SNS accumulator ring
DOE's Spallation Neutron Source, located at Oak Ridge National Laboratory, has passed another milestone on the way to completion this year—the commissioning of the proton accumulator ring, which was designed and built at Brookhaven National Laboratory.
Five Office of Science laboratories—Argonne, Berkeley, Brookhaven, Jefferson and Los Alamos—participated with Oak Ridge in the design of the SNS project, which will produce the world's most intense neutron beams to probe the molecular structures of materials. As a user facility, the SNS is expected to attract researchers from all over the globe.
"The ring is the last major accelerator element delivered by one of the partner labs in the six-laboratory project," said SNS Director Thom Mason. "Its successful operation confirms not just the robustness of the Brookhaven Lab components but also the full integration of accelerator hardware designed and built using expertise throughout the national DOE complex. We are looking forward to the first beam on target later this year."
The accumulator ring is the final step in a proton's journey through the accelerator before it strikes the SNS's mercury target, "spalling" away neutrons to be used for research. The Brookhaven-led accumulator ring design will allow an order of magnitude more beam power than any other facility in the world.
In SNS operation, the superconducting linac produces proton pulses traveling at almost 90 percent of the speed of light. In the ring, the protons within a pulse are "accumulated" to increase the intensity 1,000-fold. At that point, this now very intense pulse is extracted and delivered to the mercury target to produce neutrons. This happens 60 times per second.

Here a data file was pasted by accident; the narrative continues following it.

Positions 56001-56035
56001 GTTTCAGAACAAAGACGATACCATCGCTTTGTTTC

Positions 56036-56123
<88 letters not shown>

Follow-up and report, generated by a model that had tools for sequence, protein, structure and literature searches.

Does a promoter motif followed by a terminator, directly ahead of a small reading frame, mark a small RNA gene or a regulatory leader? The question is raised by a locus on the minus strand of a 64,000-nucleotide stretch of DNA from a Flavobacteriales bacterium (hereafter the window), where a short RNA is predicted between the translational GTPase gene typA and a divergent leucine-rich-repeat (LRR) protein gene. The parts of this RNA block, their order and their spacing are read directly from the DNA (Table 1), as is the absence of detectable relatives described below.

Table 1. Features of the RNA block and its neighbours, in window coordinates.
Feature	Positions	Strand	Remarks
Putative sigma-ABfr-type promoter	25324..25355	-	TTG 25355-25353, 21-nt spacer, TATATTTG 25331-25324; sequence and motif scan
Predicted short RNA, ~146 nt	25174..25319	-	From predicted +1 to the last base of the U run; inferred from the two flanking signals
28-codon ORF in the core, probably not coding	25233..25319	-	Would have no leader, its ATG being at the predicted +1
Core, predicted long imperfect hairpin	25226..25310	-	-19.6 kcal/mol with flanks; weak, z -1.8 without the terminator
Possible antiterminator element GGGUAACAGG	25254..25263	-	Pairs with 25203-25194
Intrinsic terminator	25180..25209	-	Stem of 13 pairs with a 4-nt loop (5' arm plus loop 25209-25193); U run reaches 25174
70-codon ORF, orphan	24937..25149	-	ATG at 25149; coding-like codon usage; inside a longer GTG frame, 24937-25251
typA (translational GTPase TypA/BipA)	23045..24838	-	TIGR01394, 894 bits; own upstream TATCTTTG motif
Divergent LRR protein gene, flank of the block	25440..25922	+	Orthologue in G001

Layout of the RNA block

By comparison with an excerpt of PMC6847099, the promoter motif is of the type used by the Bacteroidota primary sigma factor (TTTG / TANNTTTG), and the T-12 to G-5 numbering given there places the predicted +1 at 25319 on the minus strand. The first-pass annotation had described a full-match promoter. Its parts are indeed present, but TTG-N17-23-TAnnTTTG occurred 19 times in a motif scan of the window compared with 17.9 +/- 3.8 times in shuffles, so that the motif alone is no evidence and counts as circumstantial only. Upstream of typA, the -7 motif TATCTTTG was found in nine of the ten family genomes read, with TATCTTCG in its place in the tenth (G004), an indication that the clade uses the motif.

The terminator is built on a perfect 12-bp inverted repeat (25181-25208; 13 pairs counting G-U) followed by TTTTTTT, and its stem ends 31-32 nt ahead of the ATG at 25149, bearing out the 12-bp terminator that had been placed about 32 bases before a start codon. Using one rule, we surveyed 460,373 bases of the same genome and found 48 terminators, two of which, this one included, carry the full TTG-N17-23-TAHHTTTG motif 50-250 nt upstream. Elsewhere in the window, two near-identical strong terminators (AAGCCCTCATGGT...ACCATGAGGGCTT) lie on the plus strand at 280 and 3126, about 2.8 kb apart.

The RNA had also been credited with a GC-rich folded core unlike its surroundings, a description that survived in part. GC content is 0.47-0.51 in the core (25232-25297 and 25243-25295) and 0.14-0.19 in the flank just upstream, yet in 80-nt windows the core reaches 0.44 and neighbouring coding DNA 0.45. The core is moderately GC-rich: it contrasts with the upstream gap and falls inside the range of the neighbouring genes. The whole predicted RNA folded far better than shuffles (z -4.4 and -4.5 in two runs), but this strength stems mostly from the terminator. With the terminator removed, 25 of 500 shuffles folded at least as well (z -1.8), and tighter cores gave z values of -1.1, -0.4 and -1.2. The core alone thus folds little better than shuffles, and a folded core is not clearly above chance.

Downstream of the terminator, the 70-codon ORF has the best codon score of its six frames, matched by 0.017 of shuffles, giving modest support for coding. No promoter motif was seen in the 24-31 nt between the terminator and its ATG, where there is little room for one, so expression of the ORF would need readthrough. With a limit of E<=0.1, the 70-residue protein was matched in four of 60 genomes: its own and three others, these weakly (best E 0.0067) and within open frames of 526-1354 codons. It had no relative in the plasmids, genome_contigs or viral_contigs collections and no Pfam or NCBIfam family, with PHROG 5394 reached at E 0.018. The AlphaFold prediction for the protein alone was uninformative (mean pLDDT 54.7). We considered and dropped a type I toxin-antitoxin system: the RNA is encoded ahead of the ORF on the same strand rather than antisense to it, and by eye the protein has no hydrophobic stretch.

During its recent commissioning, after only three days of initial operation, the ring accumulated protons, which were then extracted and sent to a point just short of the target.
"The successful commissioning of the accumulator ring—in record time for this type of device—is a testament to the extraordinary collaboration between Brookhaven and Oak Ridge," said Jie Wei, who led the Brookhaven team.
The SNS will become the world's leading research facility for study of the structure and dynamics of materials using neutrons, with many potential future applications in telecommunications, manufacturing, transportation, information technology, biotechnology, and health.
Submitted by DOE's
Brookhaven National Laboratory